As a wise poet once said: “Life is so uncertain, if worse should come to worst, save your vegetables for last and eat your cookies first.” Okay, I am stretching the truth here; I am the author of that couplet, and I am but a wiseass poet at best.
That said, I had the good fortune of growing up in an environment where the house was filled with the aromas of baking several days a week. Cookies, cakes, pies, tarts, biscuits, brownies, scones—and I am just scratching the surface here. My grandmother stayed with us throughout my formative years, and it seemed she lived to bake. She had a recipe book, but I don’t recall ever seeing her use it. She just knew what ingredients went in where, and when, and everything she touched turned to calories—delicious saturated fat calories. One could almost feel one’s arteries hardening with each successive bite.
We (my brother, sister and I) were not allowed to eat the cookie dough, and we had to wait until the finished cookies cooled down before we were permitted to sample the wares. Kids can be quite artful when it comes to stealing sweets, however, and often one of us would occupy our grandmother with a question or a tale from school, while the others would sneak a couple of handsful of cookies off the cooling tray, carefully arranging the remaining ones so the tray would appear unmolested. We would then repair to our bedrooms to divide the swag. As I was the eldest, my share was typically larger.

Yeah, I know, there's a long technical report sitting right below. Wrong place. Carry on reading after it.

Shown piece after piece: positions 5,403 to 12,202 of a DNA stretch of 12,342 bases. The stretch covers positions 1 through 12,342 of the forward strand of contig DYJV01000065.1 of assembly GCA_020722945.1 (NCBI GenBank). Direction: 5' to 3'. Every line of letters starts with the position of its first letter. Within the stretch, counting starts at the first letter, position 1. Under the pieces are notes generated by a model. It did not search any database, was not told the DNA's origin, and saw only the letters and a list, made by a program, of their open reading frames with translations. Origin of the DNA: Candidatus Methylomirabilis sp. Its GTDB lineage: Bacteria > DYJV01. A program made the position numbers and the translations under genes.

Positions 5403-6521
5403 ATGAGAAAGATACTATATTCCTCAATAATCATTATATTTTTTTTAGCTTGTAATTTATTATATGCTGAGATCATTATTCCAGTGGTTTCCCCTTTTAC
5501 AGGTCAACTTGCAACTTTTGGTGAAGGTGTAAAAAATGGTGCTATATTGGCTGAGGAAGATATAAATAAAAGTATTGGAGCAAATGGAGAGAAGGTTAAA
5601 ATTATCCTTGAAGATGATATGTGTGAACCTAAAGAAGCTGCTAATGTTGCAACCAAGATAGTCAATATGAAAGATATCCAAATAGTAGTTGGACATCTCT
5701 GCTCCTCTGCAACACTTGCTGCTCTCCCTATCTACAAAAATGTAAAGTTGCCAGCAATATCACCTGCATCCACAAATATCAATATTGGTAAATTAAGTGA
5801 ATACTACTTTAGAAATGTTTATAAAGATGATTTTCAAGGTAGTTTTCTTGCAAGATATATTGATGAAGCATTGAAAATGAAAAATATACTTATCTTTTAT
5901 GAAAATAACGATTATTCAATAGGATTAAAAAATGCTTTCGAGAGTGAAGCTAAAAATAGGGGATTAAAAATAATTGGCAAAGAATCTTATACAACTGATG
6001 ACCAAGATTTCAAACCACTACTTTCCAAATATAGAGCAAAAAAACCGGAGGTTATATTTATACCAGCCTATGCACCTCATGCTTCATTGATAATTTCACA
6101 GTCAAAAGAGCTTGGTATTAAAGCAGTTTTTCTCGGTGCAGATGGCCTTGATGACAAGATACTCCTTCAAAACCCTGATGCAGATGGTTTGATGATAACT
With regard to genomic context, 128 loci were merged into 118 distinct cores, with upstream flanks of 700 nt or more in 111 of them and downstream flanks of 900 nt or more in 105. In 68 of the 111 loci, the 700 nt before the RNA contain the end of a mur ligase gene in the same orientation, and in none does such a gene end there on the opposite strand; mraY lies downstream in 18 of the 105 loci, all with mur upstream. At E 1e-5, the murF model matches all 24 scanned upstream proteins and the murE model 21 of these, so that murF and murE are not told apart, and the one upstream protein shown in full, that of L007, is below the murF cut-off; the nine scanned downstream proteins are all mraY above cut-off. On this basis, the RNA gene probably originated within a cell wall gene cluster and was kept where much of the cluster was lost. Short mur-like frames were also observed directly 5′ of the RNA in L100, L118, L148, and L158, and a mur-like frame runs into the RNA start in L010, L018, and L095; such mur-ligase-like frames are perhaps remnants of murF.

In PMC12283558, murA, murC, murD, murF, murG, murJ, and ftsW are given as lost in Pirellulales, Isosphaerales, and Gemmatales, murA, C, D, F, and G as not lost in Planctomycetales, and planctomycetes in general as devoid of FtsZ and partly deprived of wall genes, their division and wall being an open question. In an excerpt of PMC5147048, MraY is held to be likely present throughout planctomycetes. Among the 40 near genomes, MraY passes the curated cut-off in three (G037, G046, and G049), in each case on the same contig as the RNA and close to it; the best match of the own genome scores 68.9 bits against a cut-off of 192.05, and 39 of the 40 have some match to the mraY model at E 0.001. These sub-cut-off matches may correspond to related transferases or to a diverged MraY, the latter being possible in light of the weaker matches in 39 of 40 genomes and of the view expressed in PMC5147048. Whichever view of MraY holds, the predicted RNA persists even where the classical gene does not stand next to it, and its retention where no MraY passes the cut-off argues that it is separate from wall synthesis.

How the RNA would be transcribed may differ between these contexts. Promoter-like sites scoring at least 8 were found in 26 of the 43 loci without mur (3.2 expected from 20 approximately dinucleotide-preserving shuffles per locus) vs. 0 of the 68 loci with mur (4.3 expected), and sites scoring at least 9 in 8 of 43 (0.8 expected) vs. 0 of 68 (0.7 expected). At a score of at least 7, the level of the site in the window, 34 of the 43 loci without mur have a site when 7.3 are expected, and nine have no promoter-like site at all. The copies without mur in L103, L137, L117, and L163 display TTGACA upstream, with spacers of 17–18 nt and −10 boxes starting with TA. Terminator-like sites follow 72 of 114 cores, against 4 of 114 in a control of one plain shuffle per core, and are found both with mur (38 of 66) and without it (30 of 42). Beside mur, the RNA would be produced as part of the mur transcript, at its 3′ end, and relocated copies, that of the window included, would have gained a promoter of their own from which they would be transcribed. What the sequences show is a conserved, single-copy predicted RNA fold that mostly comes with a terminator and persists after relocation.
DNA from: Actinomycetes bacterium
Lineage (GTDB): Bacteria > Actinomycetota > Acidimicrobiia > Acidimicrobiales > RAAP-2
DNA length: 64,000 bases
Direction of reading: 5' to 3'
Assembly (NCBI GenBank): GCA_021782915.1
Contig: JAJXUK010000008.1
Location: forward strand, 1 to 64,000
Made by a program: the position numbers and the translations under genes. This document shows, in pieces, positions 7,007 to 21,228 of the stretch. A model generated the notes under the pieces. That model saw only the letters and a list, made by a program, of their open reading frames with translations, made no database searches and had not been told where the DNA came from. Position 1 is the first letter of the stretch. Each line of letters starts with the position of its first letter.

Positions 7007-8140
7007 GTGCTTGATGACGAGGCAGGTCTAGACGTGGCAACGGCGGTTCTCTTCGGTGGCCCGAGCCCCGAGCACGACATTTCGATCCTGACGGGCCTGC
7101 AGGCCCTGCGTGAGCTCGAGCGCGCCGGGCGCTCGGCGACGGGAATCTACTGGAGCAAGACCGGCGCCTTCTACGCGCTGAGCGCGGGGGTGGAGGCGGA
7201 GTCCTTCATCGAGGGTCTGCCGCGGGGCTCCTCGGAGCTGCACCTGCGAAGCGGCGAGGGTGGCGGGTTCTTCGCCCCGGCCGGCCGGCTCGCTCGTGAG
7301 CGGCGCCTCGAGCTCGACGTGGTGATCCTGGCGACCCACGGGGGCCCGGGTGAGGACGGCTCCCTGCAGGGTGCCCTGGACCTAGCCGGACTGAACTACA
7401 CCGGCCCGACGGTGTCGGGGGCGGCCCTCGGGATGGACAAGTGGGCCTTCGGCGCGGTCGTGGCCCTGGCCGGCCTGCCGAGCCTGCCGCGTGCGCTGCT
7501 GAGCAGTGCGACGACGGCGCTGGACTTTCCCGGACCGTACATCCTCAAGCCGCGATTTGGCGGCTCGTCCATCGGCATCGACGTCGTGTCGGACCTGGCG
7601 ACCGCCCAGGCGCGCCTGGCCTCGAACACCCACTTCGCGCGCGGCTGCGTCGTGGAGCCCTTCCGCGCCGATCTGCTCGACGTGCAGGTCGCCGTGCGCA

Nowadays I have a fancy-pants convection oven in Canada, and an even fancier one in Japan (complete with steam spray!) so I can bake to my heart’s content. I even have my grandmother’s old recipe book—a photocopy of it, actually. She was always quite generous when it came to sharing recipes, although my cookies and cakes don’t taste as good as I remember hers tasting. My guess is that she deliberately left out some vital ingredient when transcribing a recipe, so that anyone who dared attempt it would find the finished product wanting in some small way. Her biscuits and her pie crusts were legendary; my biscuits and pie crusts would be legendary as well (albeit quite differently), if I ever let anyone else try them. I follow her recipes to the letter, but my biscuits come out as tough as tennis balls, and my pie crust bears an uncanny resemblance to salted cardboard, both in texture and in taste.
My next project is to learn how to make squares. My cousin Vel MacKay makes the best squares I have ever eaten, and when I get back to Canada next summer, I plan to beg, cajole or even bribe her to teach me. Date squares, Nanaimo squares, Oh Henry squares, I want to learn them all. Then when I have folks come to stay with me in the summertime, I can truthfully promise them a roof over their head, a comfortable bed and three squares a day.